On Jan 18, 2014, at 5:30 PM, Tony Thompson <tony@...
Spraying was not common before World War II, as I understand it, but became commonplace after the war. I have that impression from, again, Railway Age, but if anyone can put more specific dates to this, I would be interested to see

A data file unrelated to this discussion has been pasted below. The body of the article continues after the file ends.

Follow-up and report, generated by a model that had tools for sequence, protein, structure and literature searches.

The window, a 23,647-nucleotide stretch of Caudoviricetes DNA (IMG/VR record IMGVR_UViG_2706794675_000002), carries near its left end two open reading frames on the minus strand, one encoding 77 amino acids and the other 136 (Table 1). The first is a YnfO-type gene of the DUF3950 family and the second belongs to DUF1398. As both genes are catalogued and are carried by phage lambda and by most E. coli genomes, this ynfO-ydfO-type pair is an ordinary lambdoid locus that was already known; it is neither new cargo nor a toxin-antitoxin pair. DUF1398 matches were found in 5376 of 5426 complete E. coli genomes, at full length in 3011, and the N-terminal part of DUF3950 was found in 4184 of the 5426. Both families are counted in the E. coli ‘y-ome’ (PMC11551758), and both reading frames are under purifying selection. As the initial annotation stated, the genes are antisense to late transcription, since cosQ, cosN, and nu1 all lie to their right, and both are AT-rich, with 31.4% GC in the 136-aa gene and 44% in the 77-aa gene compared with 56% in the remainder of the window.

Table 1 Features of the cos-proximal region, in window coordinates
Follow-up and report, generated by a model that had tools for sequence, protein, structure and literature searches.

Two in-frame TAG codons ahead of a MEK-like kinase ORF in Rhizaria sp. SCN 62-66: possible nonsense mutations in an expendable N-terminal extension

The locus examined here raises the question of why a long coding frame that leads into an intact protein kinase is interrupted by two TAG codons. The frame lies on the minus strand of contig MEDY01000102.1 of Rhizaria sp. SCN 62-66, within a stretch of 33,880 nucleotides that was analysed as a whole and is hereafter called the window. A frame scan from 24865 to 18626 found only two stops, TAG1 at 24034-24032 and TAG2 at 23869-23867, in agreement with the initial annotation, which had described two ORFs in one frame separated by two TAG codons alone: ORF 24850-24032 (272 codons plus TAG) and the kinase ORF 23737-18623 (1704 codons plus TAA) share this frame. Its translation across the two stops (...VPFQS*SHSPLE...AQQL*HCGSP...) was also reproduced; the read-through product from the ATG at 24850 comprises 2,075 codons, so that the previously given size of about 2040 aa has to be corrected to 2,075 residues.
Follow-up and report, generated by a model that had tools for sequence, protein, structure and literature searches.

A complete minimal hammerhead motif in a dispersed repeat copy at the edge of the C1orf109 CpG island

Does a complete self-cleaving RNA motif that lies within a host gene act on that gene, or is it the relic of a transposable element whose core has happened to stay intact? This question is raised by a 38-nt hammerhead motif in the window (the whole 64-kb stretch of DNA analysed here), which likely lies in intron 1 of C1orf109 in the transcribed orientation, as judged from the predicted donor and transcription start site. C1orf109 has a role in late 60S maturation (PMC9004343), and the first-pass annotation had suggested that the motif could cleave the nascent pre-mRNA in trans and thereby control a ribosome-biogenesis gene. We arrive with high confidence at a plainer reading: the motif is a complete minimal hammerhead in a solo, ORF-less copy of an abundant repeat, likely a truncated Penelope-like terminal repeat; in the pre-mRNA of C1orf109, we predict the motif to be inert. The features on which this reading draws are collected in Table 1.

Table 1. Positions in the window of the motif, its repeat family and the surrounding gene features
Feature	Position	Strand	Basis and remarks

The Santa Fe adopted spray painting for its freight cars at least as early as the early ‘30s, and this made possible the application of the bold slogan-and-map lettering schemes starting in 1940. Railway Age (and the Car Builders’ Cyclopedia) had a feature article showing spray painting equipment in use in the Topeka car shops. The Santa Fe was evidently slightly ahead of the curve in adopting spray painting, but other railroads must have quickly followed suit, as the slogan lettering schemes adopted by Union Pacific. Burlington, Chicago & Northwestern, etc. obviously required spray painting; applying stencil paste to those very large stencils by hand would have been much too time and labor intensive.